Sociologist, local councillor, activist from Malta

Monday, February 29, 2016

Why are our roads so bad?


Why are our roads so bad? This is a question so many people ask in Malta. This does not only include drivers, cyclists and pedestrians who have to bear the brunt of potholes, shoddy works, bumps and poor infrastructure, but also first-time visitors who are usually surprised to see a Third World infrastructure in an EU member state.
This is a question I myself have been asking for years and which I have been trying to verify ever since I have been a local councillor since 2003.
Like many residents, I have witnessed the disproportionate influence of various contractors who overload their trucks with bricks and debris, thus causing damage to roads and pavements. I also witnessed some examples of bad road works, which were later on tested and found to be in violation of existing standards, thus forcing proper resurfacing. At times, newly resurfaced roads had to be opened up, sometimes due to lack of coordination from government authorities.
I have also witnessed some examples of good workmanship, especially when there is a professional working relationship between council administration, architects and contractors, and when there is proper supervision. Yet, as more time passed, I also witnessed the growing financial constraints of local councils despite having huge responsibilities such as those related to residential roads.
Hence whenever I see roads around Malta in a very bad state, I relate this to one or more of the reasons above. The lack of council funds to maintain degrading roads is however becoming increasingly the case.
Therefore, even when local councils do have professional contractors and architects and proper supervision, the lack of funds may be a limiting factor as regards quality of roads.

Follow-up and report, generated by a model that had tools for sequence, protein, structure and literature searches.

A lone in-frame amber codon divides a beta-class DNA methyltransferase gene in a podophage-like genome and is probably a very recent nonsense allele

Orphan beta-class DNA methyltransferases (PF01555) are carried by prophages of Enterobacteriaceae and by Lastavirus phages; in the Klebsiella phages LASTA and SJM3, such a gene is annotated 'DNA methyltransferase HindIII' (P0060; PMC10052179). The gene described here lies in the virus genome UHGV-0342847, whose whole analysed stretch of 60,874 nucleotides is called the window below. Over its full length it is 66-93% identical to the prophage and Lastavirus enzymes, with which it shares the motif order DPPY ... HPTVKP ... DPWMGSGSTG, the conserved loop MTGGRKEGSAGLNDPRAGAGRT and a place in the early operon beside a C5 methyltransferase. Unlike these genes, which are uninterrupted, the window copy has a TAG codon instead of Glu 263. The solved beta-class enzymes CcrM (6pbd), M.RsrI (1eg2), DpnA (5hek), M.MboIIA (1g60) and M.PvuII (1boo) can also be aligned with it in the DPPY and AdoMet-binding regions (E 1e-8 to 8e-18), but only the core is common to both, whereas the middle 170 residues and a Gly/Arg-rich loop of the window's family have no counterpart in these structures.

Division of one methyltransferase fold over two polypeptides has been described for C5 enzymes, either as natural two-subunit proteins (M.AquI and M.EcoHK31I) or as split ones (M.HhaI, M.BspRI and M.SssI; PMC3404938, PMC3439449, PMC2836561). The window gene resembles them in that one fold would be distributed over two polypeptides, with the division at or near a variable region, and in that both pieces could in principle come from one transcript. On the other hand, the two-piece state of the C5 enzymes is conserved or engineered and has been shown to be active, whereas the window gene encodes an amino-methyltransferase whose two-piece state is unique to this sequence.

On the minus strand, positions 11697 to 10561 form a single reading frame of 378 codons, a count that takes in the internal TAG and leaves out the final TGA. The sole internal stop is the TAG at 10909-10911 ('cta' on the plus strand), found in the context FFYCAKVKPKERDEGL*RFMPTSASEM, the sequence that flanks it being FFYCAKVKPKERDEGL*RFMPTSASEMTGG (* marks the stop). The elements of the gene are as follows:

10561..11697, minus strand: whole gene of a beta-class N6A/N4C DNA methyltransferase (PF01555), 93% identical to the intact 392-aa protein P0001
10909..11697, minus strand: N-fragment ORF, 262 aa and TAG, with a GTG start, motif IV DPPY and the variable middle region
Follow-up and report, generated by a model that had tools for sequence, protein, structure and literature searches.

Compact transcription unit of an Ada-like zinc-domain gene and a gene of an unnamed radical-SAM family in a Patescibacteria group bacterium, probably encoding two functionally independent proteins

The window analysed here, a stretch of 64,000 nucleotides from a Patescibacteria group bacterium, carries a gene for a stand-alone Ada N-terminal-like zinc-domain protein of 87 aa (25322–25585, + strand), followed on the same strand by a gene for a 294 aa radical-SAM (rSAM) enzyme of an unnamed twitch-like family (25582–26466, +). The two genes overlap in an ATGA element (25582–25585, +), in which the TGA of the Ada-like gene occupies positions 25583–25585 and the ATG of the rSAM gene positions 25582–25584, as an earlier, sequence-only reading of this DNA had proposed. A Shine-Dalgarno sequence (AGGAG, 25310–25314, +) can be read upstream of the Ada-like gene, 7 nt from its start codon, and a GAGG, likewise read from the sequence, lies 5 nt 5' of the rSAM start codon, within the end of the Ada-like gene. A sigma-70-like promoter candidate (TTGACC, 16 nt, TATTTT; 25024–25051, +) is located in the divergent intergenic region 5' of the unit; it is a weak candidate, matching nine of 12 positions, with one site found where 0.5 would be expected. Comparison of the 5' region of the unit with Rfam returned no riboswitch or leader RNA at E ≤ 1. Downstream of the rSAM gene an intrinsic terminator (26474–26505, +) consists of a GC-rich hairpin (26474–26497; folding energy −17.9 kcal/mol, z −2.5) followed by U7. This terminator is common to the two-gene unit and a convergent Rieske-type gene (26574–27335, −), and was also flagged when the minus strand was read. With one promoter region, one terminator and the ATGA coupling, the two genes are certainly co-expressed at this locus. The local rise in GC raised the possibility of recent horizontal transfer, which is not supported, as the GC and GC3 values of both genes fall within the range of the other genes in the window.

Local councils usually have enough funds for the resurfacing of around one or two roads a year
In real terms, and on average, local councils usually have enough funds for the resurfacing of around one or two roads a year, given that council funds must also be used for a myriad of other expenses. At the same time, local councils have no fiscal autonomy and are increasingly dependent on government discretionary schemes.
A normal sized residential road costs around €100,000, including tarmac and new pavements (which would cost, for example, between €15,000 and €20,000), but the cost may vary depending the current state of the road surface. The worse its condition, the higher the cost.
Longer residential roads cost more, with costs going up to between €200,000 and €300,000, and arterial roads obviously cost much more, though the latter can benefit from State and EU funding.
Financial constraints and urgent priorities in different roads sometimes influence local councils to choose to resurface parts of different roads instead of a whole road. Such ‘boxes’ are costly too, sometimes costing between €10,000 and €20,000 each. Besides, local councils also have to pay for smaller patching works, which, cumulatively, cost quite a lot, too.
Besides, there are also other factors which do not seem to help the situation. For example, when developers carryout construction works, they pay Mepa for road works close to the developed site. Most of these funds are transferred to Transport Malta – the authority ironically responsible for arterial roads. So much for decentralisation and local council empowerment.
Is Transport Malta using all such revenue for residential roads? Or is it using some of the money for arterial roads? Or is it using it for other purposes?
Judging by the terrible situation of various roads in localities characterised by ongoing construction, something does not seem to fall in place.
Or maybe Transport Malta is utilising all such funds for residential roads, but there are not enough funds to make up for damages to roads caused by the construction industry. Yet, given that Transport Malta and the Ministry of Transport are not exactly shining examples of good governance and transparency, it really needs to convince the public that the quality of roads is really give the priority it deserves.
Will Minister Joe Mizzi provide comprehensive information regarding what is being done with funds earmarked for residential roads?

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